• Next, the Registry is loaded and a hardware profile is selected. If you have multiple hardware profiles created, you may be asked to select from one to load.
  • After you have selected the proper hardware profile (or if the default one just loads), then you will next be greeted by the login prompt.
  • Ntoskrnl.exe starts Winlogon.exe which starts Lsass.exe (Local Security Administration), this is the program that displays the Welcome screen and allows a user to log on with their credentials (user name and password).

To get to this point, you have to have a healthy set of files to get you there. As with any other data, they are prone to corruption, damage or sabotage just like any other source of data. A boot disk is nothing more than a set of the most critical files that if they become damaged need to be replaced to allow the system to boot and load. You can use a boot disk in a time of disaster to get the system to the winlogon process and running to get to critical data or to bring the server up and operational to serve.

Booting Problems

Problems occur, issues arise, and most times it’s unavoidable. Corruption or a boot sector virus can render just about any system dead in the water. So what could happen? In this section we cover some basic issues that can occur so that you just what your up against and why a boot disk can be very handy.

Boot Disk 101

Now that you know the boot process and can see what could happen to hinder that process, let’s look at how to make and use the boot disk.

To create a boot disk for Windows XP for an NTFS or FAT Partition you will need to have a formatted floppy. It needs to be blank and virus free. You will also need the Windows XP CD-ROM or an operational Windows XP-based computer.

  1. Format your Floppy.

  1. Copy needed files (Ntldr, Ntdetect.com, and the boot.ini. Copy them from a system running Windows XP as long as it’s not virus infested and/or a Windows XP setup CD-ROM.
  2. Edit the boot.ini file you copied over to floppy. You will need to set the path correctly so you will need to understand the ARC naming convention. You will find what you need to know using Microsoft’s documentation.
  3. Start your computer by using the floppy disk, and then log on to Windows XP.

Boot.ini Example:

[boot loader]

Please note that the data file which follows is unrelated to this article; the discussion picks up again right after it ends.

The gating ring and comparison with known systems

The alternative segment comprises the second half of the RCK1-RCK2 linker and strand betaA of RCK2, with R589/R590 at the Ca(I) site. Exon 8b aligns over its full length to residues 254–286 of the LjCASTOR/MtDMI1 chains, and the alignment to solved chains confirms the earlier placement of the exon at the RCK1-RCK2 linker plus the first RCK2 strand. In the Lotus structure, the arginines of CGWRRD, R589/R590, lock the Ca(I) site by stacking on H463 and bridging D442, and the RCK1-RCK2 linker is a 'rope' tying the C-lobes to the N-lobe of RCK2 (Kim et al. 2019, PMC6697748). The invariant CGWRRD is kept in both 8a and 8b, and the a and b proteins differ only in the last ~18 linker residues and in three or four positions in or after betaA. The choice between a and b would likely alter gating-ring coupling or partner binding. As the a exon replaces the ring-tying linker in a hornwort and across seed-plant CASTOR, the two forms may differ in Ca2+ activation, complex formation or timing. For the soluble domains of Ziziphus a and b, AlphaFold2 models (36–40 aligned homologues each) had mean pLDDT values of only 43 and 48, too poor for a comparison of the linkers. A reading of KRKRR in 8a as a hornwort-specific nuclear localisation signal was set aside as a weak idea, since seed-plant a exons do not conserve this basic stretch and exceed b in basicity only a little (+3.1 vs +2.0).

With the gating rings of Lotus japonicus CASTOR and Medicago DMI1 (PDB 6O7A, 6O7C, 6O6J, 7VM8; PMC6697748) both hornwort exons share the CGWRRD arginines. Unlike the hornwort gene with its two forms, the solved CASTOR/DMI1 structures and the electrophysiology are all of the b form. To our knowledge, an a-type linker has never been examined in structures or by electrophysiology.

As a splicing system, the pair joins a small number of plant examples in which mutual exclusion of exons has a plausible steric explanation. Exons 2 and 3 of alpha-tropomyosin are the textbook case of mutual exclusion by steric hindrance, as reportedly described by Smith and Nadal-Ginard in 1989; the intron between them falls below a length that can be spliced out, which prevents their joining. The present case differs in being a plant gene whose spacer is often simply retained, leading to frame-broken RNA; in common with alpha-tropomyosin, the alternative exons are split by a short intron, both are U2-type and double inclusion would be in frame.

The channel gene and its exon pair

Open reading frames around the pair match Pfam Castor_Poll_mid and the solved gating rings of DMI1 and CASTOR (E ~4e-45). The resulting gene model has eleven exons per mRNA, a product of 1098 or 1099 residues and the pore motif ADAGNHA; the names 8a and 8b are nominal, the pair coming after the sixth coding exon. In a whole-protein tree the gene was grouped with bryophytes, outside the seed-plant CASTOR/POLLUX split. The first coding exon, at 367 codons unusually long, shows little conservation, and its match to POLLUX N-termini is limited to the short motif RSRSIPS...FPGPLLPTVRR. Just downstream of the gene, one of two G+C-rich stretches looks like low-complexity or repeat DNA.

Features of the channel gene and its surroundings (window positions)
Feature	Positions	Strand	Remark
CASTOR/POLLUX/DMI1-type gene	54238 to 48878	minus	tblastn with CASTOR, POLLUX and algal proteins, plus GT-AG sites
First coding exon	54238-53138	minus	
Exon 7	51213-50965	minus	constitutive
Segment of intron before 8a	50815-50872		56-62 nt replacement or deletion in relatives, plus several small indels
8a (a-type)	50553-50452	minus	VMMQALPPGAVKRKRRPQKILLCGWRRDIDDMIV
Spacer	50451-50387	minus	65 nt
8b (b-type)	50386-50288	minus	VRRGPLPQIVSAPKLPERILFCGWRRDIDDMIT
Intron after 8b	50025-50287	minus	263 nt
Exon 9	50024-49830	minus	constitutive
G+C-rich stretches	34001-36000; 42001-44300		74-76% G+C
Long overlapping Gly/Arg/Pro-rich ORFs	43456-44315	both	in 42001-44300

timeout=30
   Default= multi(0)disk(0)rdisk(0)partition(1)\windows
 [operating systems]
   multi(0)disk(0)rdisk(0)partition(1)\windows="Windows XP"

Note:

  • If your computer boots from a SCSI hard drive, you may need to replace the multi(0) entry with scsi(0) under [operating systems]
  • It is possible to disable the Windows XP boot splash screen and speeds up the boot process very slightly. Its more so if you would like practice editing the *.ini file and if you want to 'see' the boot process that this logo hides
    • Edit the boot.ini
    • Add " /noguiboot" right after "/fastdetect".
    • Once you reboot the splash screen will be gone.
    • It can be re-enabled by removing the new switch

Troubleshooting

At times, even if you use the boot disk, you may still encounter solvable problems. Its not ‘that’ easy to use so lets look at some helpers and tips to get you through the most common jams:

  • You may want to put a copy of edit on the boot disk to edit the boot.ini file with.
  • The Boot.ini file will most always be the problem with the boot disk unless the boot disk is corrupted, damaged, infected, etc.
  • You may see error messages about ‘ARC’ and if you do, its very common that your boot.ini file is not configured properly. If you don’t know the boot.ini syntax inside and out, then you may want to print out a copy of it and keep it with your boot disk or put a small text file on the floppy as well with a simple explanation so you can figure it out if you need to.
  • 3rd party companies (makers of NTFSDOS for example) have products that can ‘mount’ an NTFS drive which can allow you to copy the files if needed (if you don’t have a FAT partition to get into), as well, to see the boot.ini current to the system if you need to get ideas on what was in the boot.ini in the original system that failed.

Summary

In this article we covered the basics of making a Windows XP boot disk. For those of you who are Microsoft Gurus, I hope this article served as a good source of information about how to save a Windows system from failure… we all look like champions when we save a system, think about if the system you were viewing this article with right here and now didn’t boot! I think you would want this disk! Tell me what you think is the Forums.